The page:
I finally got around to viewing it.  Easily the best of the new season.  Equals any episode from the original run, in my opinion.  10.

Any episode?  You do know that not all the episodes of the original run were brilliant like this one?

??  Yeah, by saying it equals any from the original run, I'm saying it's at least as good as any of them, including the best of those.

Including the worst of those as well.  And that is my problem.  I hate the whole 'original run' vs 'new run' sentiment.
Fnord
Starship Captain
****
« Reply #251 on: 08-01-2010 00:52 »

And some spell-checking could probably be used here.

What would a spell checker help in this case?  'Bacteriology' is in the spell checker, but not 'proctology'.  In addition, both 'ceasing' and 'seizing' are in the spell checker.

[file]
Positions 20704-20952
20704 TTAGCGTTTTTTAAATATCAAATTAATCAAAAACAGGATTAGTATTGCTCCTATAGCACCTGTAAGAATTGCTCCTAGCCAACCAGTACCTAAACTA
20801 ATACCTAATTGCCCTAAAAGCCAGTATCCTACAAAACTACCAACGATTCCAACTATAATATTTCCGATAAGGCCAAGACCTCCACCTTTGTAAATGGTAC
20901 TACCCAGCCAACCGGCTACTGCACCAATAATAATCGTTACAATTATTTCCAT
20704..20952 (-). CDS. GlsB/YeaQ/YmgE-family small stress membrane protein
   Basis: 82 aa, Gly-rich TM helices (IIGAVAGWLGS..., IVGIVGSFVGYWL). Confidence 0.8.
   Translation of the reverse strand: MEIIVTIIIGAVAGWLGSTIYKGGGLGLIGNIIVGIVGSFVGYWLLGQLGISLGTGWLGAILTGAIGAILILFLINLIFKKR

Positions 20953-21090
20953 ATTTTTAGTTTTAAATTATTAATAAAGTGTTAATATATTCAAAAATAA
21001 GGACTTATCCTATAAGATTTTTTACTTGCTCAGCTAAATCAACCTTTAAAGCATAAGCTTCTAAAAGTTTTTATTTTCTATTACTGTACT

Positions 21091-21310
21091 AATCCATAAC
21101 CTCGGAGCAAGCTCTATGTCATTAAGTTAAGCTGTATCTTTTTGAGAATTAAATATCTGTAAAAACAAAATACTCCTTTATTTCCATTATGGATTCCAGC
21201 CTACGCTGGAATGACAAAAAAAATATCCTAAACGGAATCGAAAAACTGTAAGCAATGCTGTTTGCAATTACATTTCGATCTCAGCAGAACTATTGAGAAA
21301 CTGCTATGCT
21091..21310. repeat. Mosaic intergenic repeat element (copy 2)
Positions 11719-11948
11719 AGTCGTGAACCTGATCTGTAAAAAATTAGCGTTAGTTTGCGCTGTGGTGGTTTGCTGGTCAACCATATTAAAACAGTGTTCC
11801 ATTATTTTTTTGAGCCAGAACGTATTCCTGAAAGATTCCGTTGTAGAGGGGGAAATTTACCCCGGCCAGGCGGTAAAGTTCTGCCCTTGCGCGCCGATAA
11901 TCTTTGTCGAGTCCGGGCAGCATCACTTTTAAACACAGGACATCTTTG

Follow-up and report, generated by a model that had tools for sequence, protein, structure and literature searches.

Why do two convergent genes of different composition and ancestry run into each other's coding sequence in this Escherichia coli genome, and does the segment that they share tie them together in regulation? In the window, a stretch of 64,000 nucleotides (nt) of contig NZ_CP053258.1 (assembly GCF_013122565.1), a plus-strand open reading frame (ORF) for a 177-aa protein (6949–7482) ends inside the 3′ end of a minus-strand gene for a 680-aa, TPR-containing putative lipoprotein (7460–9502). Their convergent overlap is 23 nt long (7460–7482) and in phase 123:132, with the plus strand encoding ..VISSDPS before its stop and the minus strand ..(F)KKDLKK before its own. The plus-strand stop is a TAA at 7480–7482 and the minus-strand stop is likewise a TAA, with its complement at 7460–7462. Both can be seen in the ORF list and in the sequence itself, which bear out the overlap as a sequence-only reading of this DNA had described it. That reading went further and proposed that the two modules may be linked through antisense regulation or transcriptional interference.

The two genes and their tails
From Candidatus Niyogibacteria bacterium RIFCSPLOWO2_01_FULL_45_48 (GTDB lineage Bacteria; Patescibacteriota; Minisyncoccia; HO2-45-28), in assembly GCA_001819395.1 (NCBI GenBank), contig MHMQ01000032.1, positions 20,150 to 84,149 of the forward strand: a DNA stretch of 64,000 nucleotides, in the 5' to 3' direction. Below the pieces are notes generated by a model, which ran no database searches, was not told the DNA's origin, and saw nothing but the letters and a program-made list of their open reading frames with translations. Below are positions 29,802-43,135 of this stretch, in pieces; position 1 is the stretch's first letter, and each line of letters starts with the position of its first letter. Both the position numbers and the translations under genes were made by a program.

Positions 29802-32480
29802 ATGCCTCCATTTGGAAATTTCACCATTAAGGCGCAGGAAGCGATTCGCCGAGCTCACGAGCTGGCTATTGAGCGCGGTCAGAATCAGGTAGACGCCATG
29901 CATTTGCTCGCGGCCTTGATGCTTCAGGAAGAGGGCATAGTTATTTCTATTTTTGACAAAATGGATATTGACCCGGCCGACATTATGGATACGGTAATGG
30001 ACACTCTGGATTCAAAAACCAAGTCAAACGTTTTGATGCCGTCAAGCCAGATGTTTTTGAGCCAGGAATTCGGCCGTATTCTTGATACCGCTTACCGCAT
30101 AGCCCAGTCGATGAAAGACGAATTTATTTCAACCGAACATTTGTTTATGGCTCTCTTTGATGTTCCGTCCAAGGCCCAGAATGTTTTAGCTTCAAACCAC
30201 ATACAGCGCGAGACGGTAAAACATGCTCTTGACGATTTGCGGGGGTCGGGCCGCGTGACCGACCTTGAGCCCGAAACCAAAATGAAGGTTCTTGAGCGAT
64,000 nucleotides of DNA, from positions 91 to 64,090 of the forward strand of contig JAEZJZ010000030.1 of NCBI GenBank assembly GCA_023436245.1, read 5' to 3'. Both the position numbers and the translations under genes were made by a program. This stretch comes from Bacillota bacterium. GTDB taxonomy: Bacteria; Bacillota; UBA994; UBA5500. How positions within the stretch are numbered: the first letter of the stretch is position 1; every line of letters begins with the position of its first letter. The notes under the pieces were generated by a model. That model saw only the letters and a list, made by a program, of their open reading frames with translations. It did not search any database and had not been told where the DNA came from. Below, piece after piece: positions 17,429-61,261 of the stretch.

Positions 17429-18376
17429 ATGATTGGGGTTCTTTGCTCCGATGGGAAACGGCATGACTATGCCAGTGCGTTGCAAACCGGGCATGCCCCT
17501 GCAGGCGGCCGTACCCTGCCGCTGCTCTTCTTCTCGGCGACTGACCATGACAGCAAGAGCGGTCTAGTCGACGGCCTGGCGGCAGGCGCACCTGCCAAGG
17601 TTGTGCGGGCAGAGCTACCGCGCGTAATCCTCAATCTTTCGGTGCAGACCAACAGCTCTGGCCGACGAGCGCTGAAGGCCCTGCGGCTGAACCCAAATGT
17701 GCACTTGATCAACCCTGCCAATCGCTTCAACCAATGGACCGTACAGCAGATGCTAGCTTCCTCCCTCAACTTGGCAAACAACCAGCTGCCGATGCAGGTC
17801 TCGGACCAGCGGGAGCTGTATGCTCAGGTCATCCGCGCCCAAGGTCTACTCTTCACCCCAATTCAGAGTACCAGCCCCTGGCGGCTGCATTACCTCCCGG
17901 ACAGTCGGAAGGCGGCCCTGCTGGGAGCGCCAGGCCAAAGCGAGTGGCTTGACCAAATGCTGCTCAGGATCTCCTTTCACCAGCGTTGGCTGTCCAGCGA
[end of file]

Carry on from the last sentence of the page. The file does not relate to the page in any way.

Sorry, I meant "proofreading" there. My bad.

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Quote
EDIT EDIT: And Bender says "Yabba Dabba Doo", not "Jabba Dabba Doo". Durn kids haven't seen The Flintstones.

I saw The Flintstones in Danish, don't sue me!

Okay, I'll let you go on this one. But there are plenty of people in the USA who can't spell their own language.
Ralph Snart

Agent Provocateur
Near Death Star Inhabitant
DOOP Secretary
*
« Reply #252 on: 08-01-2010 00:58 »


Including the worst of those as well.  And that is my problem.  I hate the whole 'original run' vs 'new run' sentiment.

But that's how most people are going to view the old run vs. the new run.  Somebody made a comment about the straight-to-DVDs not being canon, but TLPJF shows that the writers/creators do view them as canon.

The old run vs the new run have one major difference - the old run had Fry chasing Leela and Leela staying aloofly distant.  the new run has started with them starting a new relationship.  In a way, the new run is making Leela appear more likable and sympathetic.  It's also showing Fry asbecoming more aware of what it takes to make a relationship succeed, so these two main characters have major differences from the FOX run.